In an entirely uncritical, unanalytical story by Rachel E. Stassen-Berger, the Pioneer Press reported that the Minnesota State Senate voted to approve a measure that would cap health care insurance premiums in Minnesota, if signed into law. While being promoted as a measure that would lower health care insurance premium increased, this counter-intuitive measure will have exactly the opposite effect.
Trouble with the idea is this; it fails to take into account the real costs involved in the insurance business. In a free market – something America is supposed to be – premiums should fluxuate from year to year, based on premiums collected versus claims paid out. In one year, premiums might go up because claims were high; in another year, in which claims go down, so do premiums. That’s not just ivory-tower idealism; I’ve worked briefly in the insurance industry and have seen premiums that go down, not just up.
But once price caps are forced on the industry, it’s a guarantee that prices will only go up. Here’s why.
Let’s use some simplified numbers to illustrate an example. Let’s say that the increase cap is set at five percent. In a given year, let’s say that claims, advertising and employee costs for Insurance Company A go up seven percent. Hold on, though; they can only raise premiums by five percent to pay for it, putting the company behind by two percent for the year.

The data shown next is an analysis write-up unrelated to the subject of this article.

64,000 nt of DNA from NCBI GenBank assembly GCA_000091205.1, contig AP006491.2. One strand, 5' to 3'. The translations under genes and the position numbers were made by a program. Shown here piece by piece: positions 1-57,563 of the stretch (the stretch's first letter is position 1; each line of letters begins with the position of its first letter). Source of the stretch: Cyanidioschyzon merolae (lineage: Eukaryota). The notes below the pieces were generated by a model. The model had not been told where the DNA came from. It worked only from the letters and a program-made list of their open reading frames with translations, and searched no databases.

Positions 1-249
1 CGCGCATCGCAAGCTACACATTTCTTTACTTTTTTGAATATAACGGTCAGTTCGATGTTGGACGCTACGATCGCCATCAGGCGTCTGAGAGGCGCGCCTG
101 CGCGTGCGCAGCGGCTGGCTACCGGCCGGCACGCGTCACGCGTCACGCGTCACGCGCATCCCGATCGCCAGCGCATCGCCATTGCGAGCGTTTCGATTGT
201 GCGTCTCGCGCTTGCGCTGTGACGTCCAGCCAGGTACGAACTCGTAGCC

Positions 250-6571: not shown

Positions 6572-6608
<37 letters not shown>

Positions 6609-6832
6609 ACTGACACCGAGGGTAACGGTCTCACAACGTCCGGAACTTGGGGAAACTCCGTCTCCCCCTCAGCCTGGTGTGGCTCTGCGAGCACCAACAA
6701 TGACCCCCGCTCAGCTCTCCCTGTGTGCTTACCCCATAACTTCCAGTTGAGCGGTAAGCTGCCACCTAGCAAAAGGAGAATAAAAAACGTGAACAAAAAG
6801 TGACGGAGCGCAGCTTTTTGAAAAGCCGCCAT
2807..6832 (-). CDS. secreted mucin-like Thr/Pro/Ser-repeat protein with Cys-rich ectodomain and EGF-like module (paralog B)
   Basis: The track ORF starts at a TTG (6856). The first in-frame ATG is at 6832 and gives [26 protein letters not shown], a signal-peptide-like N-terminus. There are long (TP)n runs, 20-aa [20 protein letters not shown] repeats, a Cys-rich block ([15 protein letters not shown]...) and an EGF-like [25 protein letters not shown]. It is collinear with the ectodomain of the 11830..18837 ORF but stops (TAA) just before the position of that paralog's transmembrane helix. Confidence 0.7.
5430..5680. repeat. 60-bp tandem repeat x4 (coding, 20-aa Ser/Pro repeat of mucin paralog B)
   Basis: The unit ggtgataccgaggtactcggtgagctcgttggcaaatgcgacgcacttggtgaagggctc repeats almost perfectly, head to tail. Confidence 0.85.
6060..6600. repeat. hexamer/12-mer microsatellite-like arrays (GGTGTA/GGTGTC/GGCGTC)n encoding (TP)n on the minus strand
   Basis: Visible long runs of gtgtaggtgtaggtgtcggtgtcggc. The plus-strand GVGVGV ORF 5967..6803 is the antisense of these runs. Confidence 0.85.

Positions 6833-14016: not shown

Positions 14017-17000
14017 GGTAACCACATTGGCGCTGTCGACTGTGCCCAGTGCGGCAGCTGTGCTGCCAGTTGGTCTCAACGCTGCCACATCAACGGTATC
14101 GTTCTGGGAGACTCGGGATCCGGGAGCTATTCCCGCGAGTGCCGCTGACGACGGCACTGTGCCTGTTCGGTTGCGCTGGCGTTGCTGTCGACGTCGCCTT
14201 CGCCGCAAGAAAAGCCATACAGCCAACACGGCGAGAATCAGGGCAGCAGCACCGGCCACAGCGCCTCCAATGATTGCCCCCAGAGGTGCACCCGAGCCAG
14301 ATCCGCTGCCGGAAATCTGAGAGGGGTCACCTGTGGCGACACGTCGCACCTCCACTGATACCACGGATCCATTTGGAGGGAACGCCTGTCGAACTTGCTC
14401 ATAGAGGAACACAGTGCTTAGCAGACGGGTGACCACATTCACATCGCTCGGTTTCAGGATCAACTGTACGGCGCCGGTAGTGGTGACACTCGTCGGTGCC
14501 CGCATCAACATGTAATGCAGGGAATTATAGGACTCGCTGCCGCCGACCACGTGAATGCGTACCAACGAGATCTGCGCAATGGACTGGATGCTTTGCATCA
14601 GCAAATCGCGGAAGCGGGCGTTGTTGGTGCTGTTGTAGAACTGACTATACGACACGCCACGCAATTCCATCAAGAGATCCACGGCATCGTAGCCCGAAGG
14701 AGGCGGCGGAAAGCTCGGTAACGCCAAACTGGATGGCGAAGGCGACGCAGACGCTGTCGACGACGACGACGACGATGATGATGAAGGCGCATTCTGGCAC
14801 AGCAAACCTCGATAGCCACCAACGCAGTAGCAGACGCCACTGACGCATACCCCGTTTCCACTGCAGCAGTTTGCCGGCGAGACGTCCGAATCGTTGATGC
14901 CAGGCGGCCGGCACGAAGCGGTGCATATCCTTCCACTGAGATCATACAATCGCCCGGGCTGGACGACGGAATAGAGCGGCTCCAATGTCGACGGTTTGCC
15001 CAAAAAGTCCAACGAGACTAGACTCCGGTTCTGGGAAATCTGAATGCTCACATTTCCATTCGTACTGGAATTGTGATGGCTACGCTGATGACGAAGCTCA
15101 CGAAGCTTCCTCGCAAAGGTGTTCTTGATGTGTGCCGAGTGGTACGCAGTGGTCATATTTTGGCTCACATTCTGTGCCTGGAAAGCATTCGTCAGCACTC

Now, the next year, lets say Insurance Company A’s costs go down by one percent. So rates should go down, right? Nope; the company’s still behind by two percent, so you’ll see at least a one-percent increase to rates. And that’s just a two-year example.
Consider now, if you will, a 10-year example where for the first six years, Insurance Company A’s expenses go up by an average of seven percent, and they are only allowed annual premium increases of five percent. That means the company’s premium increases are now behind by a total of 12 percent.
In the final four years, claims go way down and increase at a rate of only three percent. Think rates will go down? Wrong! Those four years will result in giving the company the ability to catch up only eight of their lost 12 percent; at best, rates would continue going up by five percent every year of that decade, with the company still losing ground.
In that scenario, it doesn’t take an HDTV with an HDMI cable to see the eventual outcome. Companies would start lowering benefits and dropping non-mandated benefits, not to mention laying off staff to help provide customer service in the claims process, making for a harder time in getting claims processed.
Larger providers would be able to absorb these costs longer than smaller insurers. Eventually, you’d see some insurers simply go out of business, especially if you toss in a couple years where claims skyrocket by 10 or more percent.
So, while it’s designed to make insurance more affordable, the net effect of the Senate’s bill is actually going to lead to constant increases, a reduction of choices, unemployment and lower benefits. Of course, liberals have never really understood business, so what can one expect?
But hey, if increase caps are the wave of the future for liberal politicians, here’s a place to start: budget increase caps on government!